Sleep disorders in children on rise due to social media

Claire Murphy

SCHOOLchildren are suffering from increasing numbers of sleep disorders because of an increase in social media, experts have claimed.

Behavioural problems, being hyperactive or dozing off in school or even incidents of ADHD could be a knock-on effect of a severe lack of sleep.

Teachers and parents need to keep their eyes open for problems in children, Dr Elaine Purcell, consultant in sleep disorders medicine at the Mater Private Hospital, said.

Dr Purcell has noticed that more young people who are having problems concentrating during the day are attending her clinic.

"It's a combination of things," she said. "First, there is just more recognition of sleep disorders. Sleep apnea has always been there, but years ago the answer was to take the tonsils out.

"In Ireland, there is an under-diagnosing of clinical sleep disorders. We are definitely seeing more cases of narcolepsy.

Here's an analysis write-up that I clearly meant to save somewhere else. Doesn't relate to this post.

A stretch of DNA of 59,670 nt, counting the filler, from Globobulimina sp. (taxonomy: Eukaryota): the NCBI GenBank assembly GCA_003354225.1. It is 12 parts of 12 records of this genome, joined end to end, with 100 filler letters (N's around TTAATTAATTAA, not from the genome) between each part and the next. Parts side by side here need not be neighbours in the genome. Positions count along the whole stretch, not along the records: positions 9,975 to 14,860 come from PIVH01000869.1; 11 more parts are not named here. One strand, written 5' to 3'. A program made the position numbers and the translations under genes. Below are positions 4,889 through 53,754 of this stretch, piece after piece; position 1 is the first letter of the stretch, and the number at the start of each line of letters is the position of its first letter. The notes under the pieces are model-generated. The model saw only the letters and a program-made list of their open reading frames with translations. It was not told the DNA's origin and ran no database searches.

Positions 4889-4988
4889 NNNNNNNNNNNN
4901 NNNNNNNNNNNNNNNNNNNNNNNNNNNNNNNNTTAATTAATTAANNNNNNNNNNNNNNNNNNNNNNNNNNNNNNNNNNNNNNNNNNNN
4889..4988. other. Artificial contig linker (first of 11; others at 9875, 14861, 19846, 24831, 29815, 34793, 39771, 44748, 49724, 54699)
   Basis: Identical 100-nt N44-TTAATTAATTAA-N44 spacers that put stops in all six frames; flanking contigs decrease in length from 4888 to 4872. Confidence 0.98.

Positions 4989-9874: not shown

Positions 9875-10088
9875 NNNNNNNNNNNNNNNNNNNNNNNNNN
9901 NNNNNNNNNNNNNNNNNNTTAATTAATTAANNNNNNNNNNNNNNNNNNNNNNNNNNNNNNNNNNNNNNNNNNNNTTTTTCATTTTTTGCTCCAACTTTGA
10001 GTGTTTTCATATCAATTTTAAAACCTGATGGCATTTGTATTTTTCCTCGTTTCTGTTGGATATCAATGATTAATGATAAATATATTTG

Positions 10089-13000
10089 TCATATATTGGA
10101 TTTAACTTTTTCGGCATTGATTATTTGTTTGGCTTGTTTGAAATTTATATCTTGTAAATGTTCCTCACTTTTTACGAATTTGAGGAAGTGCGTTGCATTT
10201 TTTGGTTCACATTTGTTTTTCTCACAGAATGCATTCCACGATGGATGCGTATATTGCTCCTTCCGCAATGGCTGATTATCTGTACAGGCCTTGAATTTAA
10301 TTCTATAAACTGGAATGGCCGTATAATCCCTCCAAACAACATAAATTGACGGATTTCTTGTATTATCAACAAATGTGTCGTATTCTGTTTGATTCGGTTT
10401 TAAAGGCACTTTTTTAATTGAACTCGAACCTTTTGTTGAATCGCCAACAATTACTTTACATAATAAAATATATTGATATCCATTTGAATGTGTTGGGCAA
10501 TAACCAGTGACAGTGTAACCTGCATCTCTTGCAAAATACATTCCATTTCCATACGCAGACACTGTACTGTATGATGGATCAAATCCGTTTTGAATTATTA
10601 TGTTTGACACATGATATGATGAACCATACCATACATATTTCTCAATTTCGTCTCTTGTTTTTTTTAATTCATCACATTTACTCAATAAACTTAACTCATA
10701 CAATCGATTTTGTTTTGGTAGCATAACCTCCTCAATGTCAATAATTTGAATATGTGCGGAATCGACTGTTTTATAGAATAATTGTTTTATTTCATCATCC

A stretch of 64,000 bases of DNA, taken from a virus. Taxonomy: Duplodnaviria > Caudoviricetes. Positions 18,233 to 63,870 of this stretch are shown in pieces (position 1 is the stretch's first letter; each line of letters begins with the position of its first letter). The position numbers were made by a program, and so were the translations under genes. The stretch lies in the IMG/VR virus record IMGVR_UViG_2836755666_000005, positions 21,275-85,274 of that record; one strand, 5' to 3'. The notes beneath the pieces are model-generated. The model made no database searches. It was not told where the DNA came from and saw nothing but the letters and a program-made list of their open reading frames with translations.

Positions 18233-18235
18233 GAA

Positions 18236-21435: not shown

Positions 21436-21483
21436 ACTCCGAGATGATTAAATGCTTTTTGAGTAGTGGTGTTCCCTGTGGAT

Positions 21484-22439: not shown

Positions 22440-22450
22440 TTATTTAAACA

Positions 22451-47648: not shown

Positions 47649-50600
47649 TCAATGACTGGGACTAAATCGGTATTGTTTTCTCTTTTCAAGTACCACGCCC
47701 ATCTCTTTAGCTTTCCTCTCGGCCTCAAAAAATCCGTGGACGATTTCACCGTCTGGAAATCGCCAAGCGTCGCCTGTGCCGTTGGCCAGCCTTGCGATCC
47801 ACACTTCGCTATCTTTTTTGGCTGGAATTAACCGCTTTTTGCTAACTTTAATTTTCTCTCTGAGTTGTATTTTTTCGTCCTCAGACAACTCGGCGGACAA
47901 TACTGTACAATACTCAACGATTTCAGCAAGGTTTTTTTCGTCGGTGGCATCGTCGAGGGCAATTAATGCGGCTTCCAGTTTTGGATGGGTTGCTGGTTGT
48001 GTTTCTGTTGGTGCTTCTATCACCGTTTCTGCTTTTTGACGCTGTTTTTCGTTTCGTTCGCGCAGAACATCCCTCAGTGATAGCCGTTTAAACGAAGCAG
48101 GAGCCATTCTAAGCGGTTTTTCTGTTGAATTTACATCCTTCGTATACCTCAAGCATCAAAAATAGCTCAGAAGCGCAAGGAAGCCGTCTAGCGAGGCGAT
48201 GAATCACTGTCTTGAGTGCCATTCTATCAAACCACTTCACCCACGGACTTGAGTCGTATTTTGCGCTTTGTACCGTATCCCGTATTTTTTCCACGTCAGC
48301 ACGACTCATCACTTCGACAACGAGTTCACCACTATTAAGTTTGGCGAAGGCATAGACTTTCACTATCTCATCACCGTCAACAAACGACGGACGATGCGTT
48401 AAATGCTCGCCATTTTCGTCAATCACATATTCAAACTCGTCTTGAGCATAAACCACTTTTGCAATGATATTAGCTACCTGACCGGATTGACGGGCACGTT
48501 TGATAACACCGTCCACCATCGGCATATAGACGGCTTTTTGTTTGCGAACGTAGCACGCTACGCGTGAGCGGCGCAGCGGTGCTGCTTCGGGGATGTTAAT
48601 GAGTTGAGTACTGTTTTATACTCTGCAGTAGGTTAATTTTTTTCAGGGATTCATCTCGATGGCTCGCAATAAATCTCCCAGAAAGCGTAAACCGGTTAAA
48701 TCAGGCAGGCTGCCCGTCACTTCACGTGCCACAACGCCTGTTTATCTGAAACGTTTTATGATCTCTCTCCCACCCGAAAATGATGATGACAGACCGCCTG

"In young children, it is sometimes harder to identify, it is difficult to identify how much is normal to be napping in the afternoon."

Dr Purcell said that there were a variety of reasons why children and teenagers were not getting enough sleep.

"Some of the reasons we are seeing is that children are resisting going to bed or refusing to go to bed.

"If there is a chaotic family environment and no strict patterns in place, it makes it harder," she said.

"Teenagers are vulnerable. They are taking part in more socialising after school, they have more homework and extra sports activities, which are also eating into hours of sleep.

"Because of the changes teenagers are going through, they need more sleep.

"Then there are social media, smartphones, being on phone late of night -- all of this is competing with sleep."

Dr Purcell said there were key areas that adults should be able to identify in children and teens in their care.

"The signs to look out for are tiredness, yawning during the day, falling asleep at inappropriate times," she said.

"The symptoms can be subtler, such as not being able to focus, spacing out, zoning out or daydreaming."

Dr Purcell said that they tried to avoid prescribing medications, but added: "Sometimes medication is needed."